Sudoku Rules and Terminology



The Basic Rule of Sudoku

To complete a Sudoku, you need to fill in the empty cells so that each row, each column and each box must contain all the digits between 1 and 9, and each digit can appear only once.

But don't worry, we will talk about that in more detail later.

First, let's learn a few Sudoku terms.
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Cells

Sudoku is played on a grid of 81 Cells, consisting of 9 rows and 9 columns.
Cells

Givens

When you start a fresh Sudoku, some cells already contain digits.

These digits are called Givens and cannot be changed throughout the game.

All the other cells are empty - for you to fill in with digits of your choice.
Givens

Rows

The grid has 9 Rows which are numbered from 1 to 9, from top to bottom.

For example, row number 2 is the one highlighted here.
Rows

Columns

The grid also has Columns which are numbered from 1 to 9, from left to right.

Column number 2 is the one highlighted.
Columns

Boxes (or Blocks)

Sudoku also has Boxes, sometimes referred to as Blocks.

Boxes are the 3x3 cells separated by the thicker lines in the grid.

Here is an example of a highlighted box.
Boxes


And here is another.
Boxes


There are 9 boxes in total.

The boxes are numbered in the following way.
Boxes

Legend

For your convenience, we will be using a legend for the rows (colored red, on the left) and for the columns (colored blue, on top) throughout the tutorials.
Legend

Cell numbering

A specific cell is referred to by its row and column number.

For example, the highlighted cell here is R5C6:

It resides on row number 5 - R5 and column number 6 - C6
Cell Numbering


The highlighted cell here is referred to as R3C1.

It resides on row number 3 - R3 and column number 1 - C1.
Cell Numbering

House

A key part to learning Sudoku is understanding what houses are.

We use the term House when we talk about a row, a column or a box.

Each row, column and box is called a house.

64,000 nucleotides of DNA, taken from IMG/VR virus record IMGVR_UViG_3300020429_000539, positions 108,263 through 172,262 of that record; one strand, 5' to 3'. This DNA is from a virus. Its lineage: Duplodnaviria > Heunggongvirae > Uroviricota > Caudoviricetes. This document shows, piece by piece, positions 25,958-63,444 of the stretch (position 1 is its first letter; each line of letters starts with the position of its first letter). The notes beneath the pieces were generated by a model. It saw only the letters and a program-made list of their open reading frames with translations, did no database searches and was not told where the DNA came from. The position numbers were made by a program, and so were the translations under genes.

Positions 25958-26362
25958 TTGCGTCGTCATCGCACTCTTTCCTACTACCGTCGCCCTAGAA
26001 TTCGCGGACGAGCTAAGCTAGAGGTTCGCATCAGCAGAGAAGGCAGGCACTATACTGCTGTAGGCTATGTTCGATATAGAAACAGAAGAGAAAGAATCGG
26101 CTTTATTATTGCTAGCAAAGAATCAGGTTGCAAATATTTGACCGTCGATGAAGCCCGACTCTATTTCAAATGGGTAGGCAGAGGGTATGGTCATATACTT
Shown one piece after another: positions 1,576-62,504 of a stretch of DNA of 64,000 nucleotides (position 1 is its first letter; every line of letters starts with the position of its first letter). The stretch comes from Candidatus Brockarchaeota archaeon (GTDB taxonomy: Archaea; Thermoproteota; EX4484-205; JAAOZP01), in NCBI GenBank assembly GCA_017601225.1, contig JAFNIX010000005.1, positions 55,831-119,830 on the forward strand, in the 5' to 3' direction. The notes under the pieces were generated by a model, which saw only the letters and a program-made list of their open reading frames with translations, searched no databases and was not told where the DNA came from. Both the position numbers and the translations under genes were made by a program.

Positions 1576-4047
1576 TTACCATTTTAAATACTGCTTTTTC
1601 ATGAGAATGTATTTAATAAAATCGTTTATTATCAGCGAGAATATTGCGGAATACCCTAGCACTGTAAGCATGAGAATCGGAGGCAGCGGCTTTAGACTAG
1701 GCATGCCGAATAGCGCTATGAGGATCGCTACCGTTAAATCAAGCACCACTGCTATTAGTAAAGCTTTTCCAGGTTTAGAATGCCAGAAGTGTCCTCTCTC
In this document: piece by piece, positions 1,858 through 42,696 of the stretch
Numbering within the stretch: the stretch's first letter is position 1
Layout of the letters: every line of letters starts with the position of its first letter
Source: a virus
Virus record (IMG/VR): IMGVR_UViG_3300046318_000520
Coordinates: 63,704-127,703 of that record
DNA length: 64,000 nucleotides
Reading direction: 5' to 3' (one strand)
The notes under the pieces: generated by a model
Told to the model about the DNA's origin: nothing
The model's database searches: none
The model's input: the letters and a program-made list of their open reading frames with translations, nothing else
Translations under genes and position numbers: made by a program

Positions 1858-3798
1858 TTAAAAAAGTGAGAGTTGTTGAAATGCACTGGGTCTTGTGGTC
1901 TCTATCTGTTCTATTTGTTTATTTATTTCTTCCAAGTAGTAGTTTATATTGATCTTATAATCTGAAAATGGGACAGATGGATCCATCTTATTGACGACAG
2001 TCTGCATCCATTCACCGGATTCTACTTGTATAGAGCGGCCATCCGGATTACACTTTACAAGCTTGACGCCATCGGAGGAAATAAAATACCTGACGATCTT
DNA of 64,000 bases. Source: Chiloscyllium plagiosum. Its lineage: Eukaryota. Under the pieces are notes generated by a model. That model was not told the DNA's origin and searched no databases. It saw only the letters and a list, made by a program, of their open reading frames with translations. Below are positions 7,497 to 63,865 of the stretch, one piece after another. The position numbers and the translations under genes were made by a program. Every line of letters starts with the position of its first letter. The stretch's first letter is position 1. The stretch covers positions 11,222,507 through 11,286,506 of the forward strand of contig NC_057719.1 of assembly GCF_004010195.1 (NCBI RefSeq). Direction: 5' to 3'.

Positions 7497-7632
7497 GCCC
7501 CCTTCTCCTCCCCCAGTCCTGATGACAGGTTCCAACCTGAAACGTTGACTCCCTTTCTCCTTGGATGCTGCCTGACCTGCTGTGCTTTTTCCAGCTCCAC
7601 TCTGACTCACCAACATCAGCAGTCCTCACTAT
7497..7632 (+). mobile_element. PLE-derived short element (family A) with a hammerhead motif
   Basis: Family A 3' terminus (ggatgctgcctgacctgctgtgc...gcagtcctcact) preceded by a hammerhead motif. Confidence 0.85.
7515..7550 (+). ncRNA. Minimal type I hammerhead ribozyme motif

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Buddy cells

Buddy cells are cells that are in the same house (same row, same column or same box).

Let's have a look at R6C4 highlighted here.
Buddy Cells


All the cells in its row (R6) are buddies with R6C4
Buddy Cells


All the cells in its column (C4) are also buddies with R6C4.
Buddy Cells


And all the cells in its box are also buddies with R6C4.
Buddy Cells


R6C4 is a buddy cell with all cells highlighted here.
Buddy Cells


Buddy cells affect each other.

Remember The Basic Rule of Sudoku:

Each row, each column and each box must contain all the digits between 1 and 9, and each digit can appear only once in any row, column or box.

Therefore buddy cells in cannot contain the same digit within the row, column and box they reside in.

Let's see an example; have a look at the row of R6C4 and pay attention to the Given digits already filled in.
Buddy Cells


We have '7' at R6C1 and '8' at R6C3

This means that R6C4 cannot be a '7' or '8' - because it resides on the same row R6 and the same digit can only appear once on the same row.
Buddy Cells


Looking at all R6C4 buddies, we can see that it's also buddy with:
  • '5' at R3C4 - same column
  • '1' at R8C3 - same column
  • '9' at R5C5 - same box
  • '3' at R5C6 - same box
This mean that R6C4 cannot either be any of these digits.
Buddy Cells


Now that you know what buddy cells are, it is easy to see how buddy cells affect each other; they cannot contain the same digit in any of the other buddy cells.

Before we move on it's important to mention that a valid Sudoku has only 1 solution and that you can fill in the cells using logic only and without guessing.

Read through the next tutorial to learn basic Sudoku solving methods.
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